How to run Jira in a docker container

Everything below is tested on Ubuntu 17.10.

I prefer to use Jira in a docker container because:

1. I can install Jira with a couple of commands.

2. I can start and stop Jira just by starting and stopping containers.

3. I can easily delete any Jira, which I do not need.

4. I do not make my folder structure "messy" with all kinds of jira folders.

5. I can see all Jira instances, that I am currently running, with a single command.

If to sum up all the above, docker containers make my life easier to control all available Jira instances on my pc.

If you search in google for Jira docker, then you will find the following page:

https://hub.docker.com/r/cptactionhank/atlassian-jira/

This image is not supported by Atlassian, that is why use it wisely and kindly read the Contributions part of the main page for the docker image. I use this image in my notebook for research. If you want to use it not for research, kindly test the image first.

The command, which will let you run this container, is defined like this:

docker run --detach --publish 8080:8080 cptactionhank/atlassian-jira:latest

The problem with the Jira container is:

1. Jira does not have internet access, that is why you will not be able to install plugins from the Jira UI.

2. You can not access Jira Home folder, where the logs, indexes, plugin configurations are. For example, if you have the ScriptRunner plugin, then you will not be able to work with the script folder, which is placed in the Jira Home folder.

You will be able to see the Jira logs though, if you attach to the docker container by the docker attach command.

That is why I prefer to run Jira in a docker container the following way:

1. Create a volume where all files from the Jira Home folder will be stored.

docker volume create jirahome

you can see, where the created volume is in your file system, with the following command:

docker volume inspect jirahome

 The output will be like this:

 

Selection_025.png

2. Run Jira docker container.

docker run --detach --net host --mount source=jira78,destination=/var/atlassian/jira --publish 8080:8080 cptactionhank/atlassian-jira:latest

After that you can launch your Jira in localhost:8080. Your Jira will have internet access and you can see all files of the Jira Home folder in your local filesystem.

11 comments

Great - I love this Article.

I would recommend against using that specific docker image of Jira.   Mostly because it's using openjdk, a java platform that Jira Server does not support.   I'm not completely opposed to using docker, I just think it might be unwise to advise users to follow this guide when they don't understand the installation decisions made by the image creator.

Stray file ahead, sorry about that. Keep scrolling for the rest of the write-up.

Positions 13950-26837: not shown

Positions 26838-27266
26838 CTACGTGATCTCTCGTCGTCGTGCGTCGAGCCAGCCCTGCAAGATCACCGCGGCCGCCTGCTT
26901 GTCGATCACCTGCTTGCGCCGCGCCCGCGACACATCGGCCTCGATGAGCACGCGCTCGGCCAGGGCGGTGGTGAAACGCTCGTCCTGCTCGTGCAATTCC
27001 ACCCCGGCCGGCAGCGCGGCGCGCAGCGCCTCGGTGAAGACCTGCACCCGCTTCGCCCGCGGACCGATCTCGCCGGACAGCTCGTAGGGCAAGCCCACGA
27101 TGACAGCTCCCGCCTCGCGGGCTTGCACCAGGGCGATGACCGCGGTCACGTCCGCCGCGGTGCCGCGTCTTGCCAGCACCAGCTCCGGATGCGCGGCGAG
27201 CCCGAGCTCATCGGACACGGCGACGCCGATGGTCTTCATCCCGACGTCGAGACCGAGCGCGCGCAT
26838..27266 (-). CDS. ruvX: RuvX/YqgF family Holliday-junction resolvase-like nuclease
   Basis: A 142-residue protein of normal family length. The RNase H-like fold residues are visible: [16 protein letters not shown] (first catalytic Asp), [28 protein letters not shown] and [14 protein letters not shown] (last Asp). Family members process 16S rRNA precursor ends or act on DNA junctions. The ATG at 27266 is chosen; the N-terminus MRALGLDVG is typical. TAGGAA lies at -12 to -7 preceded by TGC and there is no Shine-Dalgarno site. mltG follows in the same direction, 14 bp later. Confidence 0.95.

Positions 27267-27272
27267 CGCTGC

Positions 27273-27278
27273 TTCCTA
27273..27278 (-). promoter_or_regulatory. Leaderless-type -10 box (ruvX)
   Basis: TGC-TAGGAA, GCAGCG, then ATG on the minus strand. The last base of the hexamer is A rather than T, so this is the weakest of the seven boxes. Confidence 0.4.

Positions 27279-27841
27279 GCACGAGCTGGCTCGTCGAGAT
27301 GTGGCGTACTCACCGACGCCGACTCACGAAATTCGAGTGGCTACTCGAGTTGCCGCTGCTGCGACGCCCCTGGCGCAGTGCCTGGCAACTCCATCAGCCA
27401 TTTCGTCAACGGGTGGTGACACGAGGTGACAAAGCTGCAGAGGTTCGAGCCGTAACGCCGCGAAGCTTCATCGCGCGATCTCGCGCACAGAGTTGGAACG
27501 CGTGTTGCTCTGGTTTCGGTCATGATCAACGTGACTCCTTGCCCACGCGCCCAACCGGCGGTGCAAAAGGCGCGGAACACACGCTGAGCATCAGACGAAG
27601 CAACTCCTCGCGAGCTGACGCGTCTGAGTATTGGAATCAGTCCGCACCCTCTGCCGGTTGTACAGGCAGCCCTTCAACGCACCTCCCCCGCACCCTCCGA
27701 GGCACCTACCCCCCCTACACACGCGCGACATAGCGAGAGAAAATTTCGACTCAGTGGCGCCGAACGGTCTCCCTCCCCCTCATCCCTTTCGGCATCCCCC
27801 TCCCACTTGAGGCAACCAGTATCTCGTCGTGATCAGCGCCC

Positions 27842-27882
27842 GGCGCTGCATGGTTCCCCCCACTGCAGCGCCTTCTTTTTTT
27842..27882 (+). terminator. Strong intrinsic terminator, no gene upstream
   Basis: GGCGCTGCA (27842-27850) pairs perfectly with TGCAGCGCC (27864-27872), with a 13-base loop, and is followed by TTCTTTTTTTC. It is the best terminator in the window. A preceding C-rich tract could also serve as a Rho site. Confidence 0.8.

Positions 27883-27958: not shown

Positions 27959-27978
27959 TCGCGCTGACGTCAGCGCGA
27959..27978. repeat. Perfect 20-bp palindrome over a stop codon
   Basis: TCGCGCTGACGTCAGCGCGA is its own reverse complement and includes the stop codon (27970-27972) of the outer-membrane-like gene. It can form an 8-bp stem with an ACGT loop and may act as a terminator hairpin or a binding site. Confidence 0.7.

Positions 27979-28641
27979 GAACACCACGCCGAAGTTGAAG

Alexey Matveev Community Champion Mar 19, 2018

@Andrew Heinzer Thank you Andrew. I added the following part to the article:

This image is not supported by Atlassian, that is why use it wisely and kindly read the Contributions part of the main page for the docker image. I use this image in my notebook for research. If you want to use it not for research, kindly test the image first.

This is awesome @Alexey Matveev

Thanks a lot!

Hello @Andrew Heinzer,

That's why I created an image with Oracle JDK :) and legal license.

You can find it there : https://hub.docker.com/r/frogbis/jira-software/

You can enjoy it :)

Regards,

Franck

You might also have a look at the atlassian docker builder which allows you to build docker images for any atlassian application.

It is open source and available here

We created a blog to show how it is being used
https://www.idalko.com/atlassian-jira-upgrade-journey-using-docker-and-the-atlassian-docker-builder/

 

We are using it extensively to deploy jira, confluence, bamboo, ... 

It helps us a lot whenever testing for instance Exalate.  This issue synchronisation addon is requiring a lot of Jira's  and without the docker approach we would never be able to test it properly (in an automated way)

 

Hope this helps

 

Francis

Great stuff! We are also using docker images for quick testing.


It is worth mentioning that Atlassian have official account with available docker images of some products like Confluence: Official Confluence Server image

The thing I don't understand about the various Jira containers I've seen is how they persist the data. I know that at the least we need to persist the Jira home and database, but none of the examples I've looked at seem to do that. ???

I wish the atlassian-docker-builder was still maintained in a way that would let me post issues.. I'm having .. issues with it, and no really good place to ask for feedback to solve them, so I'm currently building the official images myself.

There are two forks of it, but none seem to include any changes/improvements so far.

@Scott Thomason (scott8035)

The Jira container uses docker volumes to persist data. The cptaction image uses two volumes, one for the confluence home directory and another for the <confluence installation>/logs directory. As for the database, that is not inside the container; it has to be set up separately. If you don't specify a volume name in the run command, the image will automatically create anonymous (unnamed) volumes. It makes updates a lot easier if you create a volume ahead of time and mount it to the container using the --volume or --mount option in the run command as described in this article.

You can learn more about volumes here:

https://docs.docker.com/storage/volumes/

Good job! We actually have been running Jira in container for quite a while. And it works perfectly fine. Just a fews more things that I want to share:

1) Performance wise it is better have a volume for log as well, it is located at <jira_install_path>/logs.

2) Enable JMX, as it is in container. so 127.0.0.1 does not work, you have to use the host IP.

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